How Facing Death Changed Everything About the Way I Live
by Rachel Haynes
The last thing I remember my friend Kate saying as we walked in opposite directions after what was to be our last blazing sunny lunch together before she died, was that I had to live to tell the full tale. And as I struggled with the unfairness of our contrasting situations, she put her arm around me and said I was to go and live fully for her as she would have wanted me to, with no shred of guilt. We were both diagnosed with bowel cancer within a few months of each other, lived in the same town, shared the same surgeon and the entire contents of our heads.
The first time I was diagnosed with bowel cancer was in 2011, also a hot July day. I was ill-prepared, lacking any knowledge of the symptoms and, as a result, dangerously naïve to the cancer that was spreading throughout my body. By the time I finally took my symptoms seriously enough to return to my doctors for the third time, having been satisfied by her previous diagnosis of IBS, my bowel was on its knees.
My symptoms had by then become so severe that I was doubled up every morning, desperately tired, and had lost weight. I had passed blood on two occasions and ridiculously thought getting up to poo 5-10 times at night was a normal IBS response. This time I saw a locum GP and she asked me directly what was going on with my bowels. Questions I had avoided asking myself and facts I would have shared less willingly than the PIN number of my bank account. I answered them honestly and was referred urgently. The very next week I had my first of many meetings with my surgeon.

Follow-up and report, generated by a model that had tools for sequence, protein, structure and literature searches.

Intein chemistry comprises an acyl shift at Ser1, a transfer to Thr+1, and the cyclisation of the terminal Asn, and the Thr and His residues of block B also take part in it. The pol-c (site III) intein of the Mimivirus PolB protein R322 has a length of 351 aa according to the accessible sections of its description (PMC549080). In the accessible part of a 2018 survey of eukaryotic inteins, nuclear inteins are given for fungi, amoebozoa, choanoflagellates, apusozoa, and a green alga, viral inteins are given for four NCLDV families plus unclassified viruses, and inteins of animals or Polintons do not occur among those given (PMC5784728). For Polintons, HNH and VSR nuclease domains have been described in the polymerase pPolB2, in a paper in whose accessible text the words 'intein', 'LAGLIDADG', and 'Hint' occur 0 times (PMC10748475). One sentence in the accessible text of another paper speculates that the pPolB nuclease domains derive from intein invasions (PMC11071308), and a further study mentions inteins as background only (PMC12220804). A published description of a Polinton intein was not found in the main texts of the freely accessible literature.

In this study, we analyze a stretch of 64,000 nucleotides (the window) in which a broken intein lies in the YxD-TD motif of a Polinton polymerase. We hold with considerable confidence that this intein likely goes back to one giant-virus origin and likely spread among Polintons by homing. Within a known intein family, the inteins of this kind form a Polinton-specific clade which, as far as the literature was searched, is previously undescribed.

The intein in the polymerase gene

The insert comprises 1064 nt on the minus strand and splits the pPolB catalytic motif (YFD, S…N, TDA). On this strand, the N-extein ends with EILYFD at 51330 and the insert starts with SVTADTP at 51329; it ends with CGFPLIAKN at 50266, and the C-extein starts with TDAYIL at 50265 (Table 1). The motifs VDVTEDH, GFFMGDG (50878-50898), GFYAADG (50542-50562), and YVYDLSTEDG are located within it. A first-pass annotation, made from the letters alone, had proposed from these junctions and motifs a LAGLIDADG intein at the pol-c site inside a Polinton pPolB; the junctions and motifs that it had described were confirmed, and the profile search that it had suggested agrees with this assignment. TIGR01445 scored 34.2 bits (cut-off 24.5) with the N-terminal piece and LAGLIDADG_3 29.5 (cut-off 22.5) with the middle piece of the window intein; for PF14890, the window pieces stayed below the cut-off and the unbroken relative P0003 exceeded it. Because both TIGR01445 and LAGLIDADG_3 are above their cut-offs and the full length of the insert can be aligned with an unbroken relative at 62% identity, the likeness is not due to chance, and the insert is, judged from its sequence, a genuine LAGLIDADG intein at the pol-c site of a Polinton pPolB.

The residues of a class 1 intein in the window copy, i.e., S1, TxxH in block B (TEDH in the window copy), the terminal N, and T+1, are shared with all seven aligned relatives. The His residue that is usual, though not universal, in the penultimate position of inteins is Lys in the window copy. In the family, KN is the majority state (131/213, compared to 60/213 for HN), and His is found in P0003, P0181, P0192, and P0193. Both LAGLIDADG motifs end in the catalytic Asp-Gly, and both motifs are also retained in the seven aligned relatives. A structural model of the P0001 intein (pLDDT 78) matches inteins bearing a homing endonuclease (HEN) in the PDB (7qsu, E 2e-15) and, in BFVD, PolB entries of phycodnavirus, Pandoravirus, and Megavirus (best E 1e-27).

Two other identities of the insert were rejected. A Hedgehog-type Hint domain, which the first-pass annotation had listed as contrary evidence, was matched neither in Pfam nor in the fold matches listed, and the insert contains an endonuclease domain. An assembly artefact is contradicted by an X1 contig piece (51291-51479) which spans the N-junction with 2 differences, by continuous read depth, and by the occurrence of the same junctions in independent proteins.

Still in denial, I went for my colonoscopy and emerged from my sedated state to hear the words I will never forget: ‘We have found a nasty tumour partially blocking your bowel. I’m sending you for a CT scan in the next hour to see where it has spread to. I’m not sure at this stage whether we are able to operate’
Diagnosis and denial
The hours and days after my shock diagnosis have been wiped from my memory, any detail hazy with disbelief, my brain in full protective mode. I wasn’t ready to hear my prognosis immediately and lay in terror of accidentally overhearing or reading something before I was ready to take it in. I even sent my brother in my place to get my subsequent MRI results to confirm what we already suspected from the CT scan, it had indeed spread to my liver and lymph glands.
I was diagnosed at the age of 45, a single mother with 2 young children with stage 4 bowel cancer. A cancer that is almost 100% curable in its early stages and drops to a inconceivably low 7% at stage 4.
My book What Doesn’t Kill You deals with what came next – my treatment plan (oh, how we laugh at the word ‘plan’ – cancer has no regard for this word!) through to my recovery, remission, and then just when everything was feeling pretty near perfect, a relapse. The cancer was back in the summer of 2013, silently this time with no warning.
A new chance of life
The spring of 2013 had bought me a new and unexpected gift, however… my husband. Although if you had told me back then that I would meet a new man, fall in love and relapse with cancer in my liver all within 6 weeks from our first date, I would have said you were mad! And certainly that he was mad to risk getting emotionally involved with me.
The world was a puzzling place, full of the best of humanity contrasted with the worst of diseases. My family, friends, strangers showed me the power of love and I have never forgotten or being able to thank them enough since.
“…it leaves us with a feeling of such gratitude and a kind of obligation to pass on the love and the kindness we were given when we needed it most.”